Belle Gunness Torches Her Way to Riches
The key to life is to turn your failures into successes. Just ask Bell Gunness, who managed to succeed despite a series of devastating fires. Granted, she started the fires, but we like to think the point still stands.
Belle Gunness emigrated from Norway to the USA in 1881. She quickly married and set up a candy store that failed to make any money. One year later it burned to the ground but, fortunately, it was insured. She used the money to buy a house in Austin. In 1898, it burned to the ground. Thankfully, it also was insured. In 1900, her husband, Max Sorenson, burned to the grou- oh, no, he died. He had, though, just taken out two insurance policies.
Belle used the money to buy a farm in La Porte, Indiana. Soon after moving in, the boat and carriage house burned to the ground. You see a pattern emerging here?
In 1902, Belle's second husband, Peter Gunness died (when a large sausage grinding machine "accidentally" fell on him). Belle, who had the world's most trusting insurance company, got paid on her claim for $3,000.
Needing a good man to accompany her through all of life's troubles and mysterious fires, Belle sent advertisements to Norwegian language papers asking for a mate. Over the next two years a number of suitors turned up at Belle's farm, took out life insurance policies, and promptly disappeared.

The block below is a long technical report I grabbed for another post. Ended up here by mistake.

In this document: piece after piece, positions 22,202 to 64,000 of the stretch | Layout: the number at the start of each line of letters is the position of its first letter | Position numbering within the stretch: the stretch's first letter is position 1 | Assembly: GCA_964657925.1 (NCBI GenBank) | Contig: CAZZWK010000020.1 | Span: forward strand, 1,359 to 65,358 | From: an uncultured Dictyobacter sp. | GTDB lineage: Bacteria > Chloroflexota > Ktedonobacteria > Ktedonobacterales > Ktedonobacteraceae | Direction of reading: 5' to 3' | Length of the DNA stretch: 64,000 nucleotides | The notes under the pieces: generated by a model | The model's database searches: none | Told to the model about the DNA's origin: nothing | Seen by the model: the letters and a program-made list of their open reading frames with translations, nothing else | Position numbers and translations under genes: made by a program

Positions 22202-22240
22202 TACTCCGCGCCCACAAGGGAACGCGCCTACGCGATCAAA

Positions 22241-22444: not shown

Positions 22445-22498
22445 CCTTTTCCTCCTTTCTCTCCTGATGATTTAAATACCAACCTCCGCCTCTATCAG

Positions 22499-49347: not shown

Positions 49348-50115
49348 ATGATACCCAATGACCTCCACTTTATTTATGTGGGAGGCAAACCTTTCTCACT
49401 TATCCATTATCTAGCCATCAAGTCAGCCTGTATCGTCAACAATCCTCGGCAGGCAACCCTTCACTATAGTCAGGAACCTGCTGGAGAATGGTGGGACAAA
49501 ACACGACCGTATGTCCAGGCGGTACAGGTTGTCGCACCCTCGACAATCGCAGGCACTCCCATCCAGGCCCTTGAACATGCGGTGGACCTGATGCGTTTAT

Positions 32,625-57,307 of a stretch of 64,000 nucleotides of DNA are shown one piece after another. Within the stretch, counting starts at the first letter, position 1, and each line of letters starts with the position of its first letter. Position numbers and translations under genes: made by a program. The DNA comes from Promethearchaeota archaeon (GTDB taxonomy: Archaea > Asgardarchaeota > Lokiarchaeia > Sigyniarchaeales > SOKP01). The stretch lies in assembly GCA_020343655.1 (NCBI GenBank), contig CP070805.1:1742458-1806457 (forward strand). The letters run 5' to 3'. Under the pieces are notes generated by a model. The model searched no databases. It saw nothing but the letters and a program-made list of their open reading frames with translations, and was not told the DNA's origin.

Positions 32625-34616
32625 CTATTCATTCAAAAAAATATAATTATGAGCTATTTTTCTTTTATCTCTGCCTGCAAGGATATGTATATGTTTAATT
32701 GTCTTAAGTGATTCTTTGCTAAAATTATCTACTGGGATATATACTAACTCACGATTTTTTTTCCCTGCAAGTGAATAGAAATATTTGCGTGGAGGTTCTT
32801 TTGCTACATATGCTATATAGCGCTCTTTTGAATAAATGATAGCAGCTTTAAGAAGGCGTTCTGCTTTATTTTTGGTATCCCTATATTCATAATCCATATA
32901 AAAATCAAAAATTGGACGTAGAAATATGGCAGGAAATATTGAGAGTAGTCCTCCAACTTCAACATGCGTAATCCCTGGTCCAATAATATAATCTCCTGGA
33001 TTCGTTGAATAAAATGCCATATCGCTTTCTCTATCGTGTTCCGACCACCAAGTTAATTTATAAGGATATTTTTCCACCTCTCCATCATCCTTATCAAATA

Finally on April 28, 1908, in the aftermath of yet another fire at the Gunness farm, police found four bodies in the basement; one adult and three children. The adult was thought to be Belle, but was hard to identify because the head was missing.
Authorities, finding this whole scene slightly suspicious, began digging up Belle's back yard. They found the remains of 12 bodies and numerous body parts. They never found Belle's head, despite the best efforts of her insurance company's agents who probably just wanted to give it a check.
How Much Did She Make?
It is estimated Belle made $30,000 from the various husbands who got sucked in by the newspaper ad, and maybe as much as $250,000 overall. It sounds impressive, but considering the sheer number of bodies she left in her path, we think it works out to like, six dollars per victim.
Burke and Hare Sell Their Bodies (Well, Not Theirs)
William Burke and William Hare set out to make their money in the same fashion as any young up and coming entrepreneur living in 19th century Britain: by stealing dead bodies for dissection.
A pretty gruesome way to make a living, sure. But such was the demand for corpses (for medical students to practice on) that it was a pretty popular crime and one generally overlooked by the authorities, since the victims were already dead and all. Burke and Hare made their first buck from the trade when a tenant in Hare's lodging house died. They took the body and sold it to Edinburgh Medical College for seven pounds.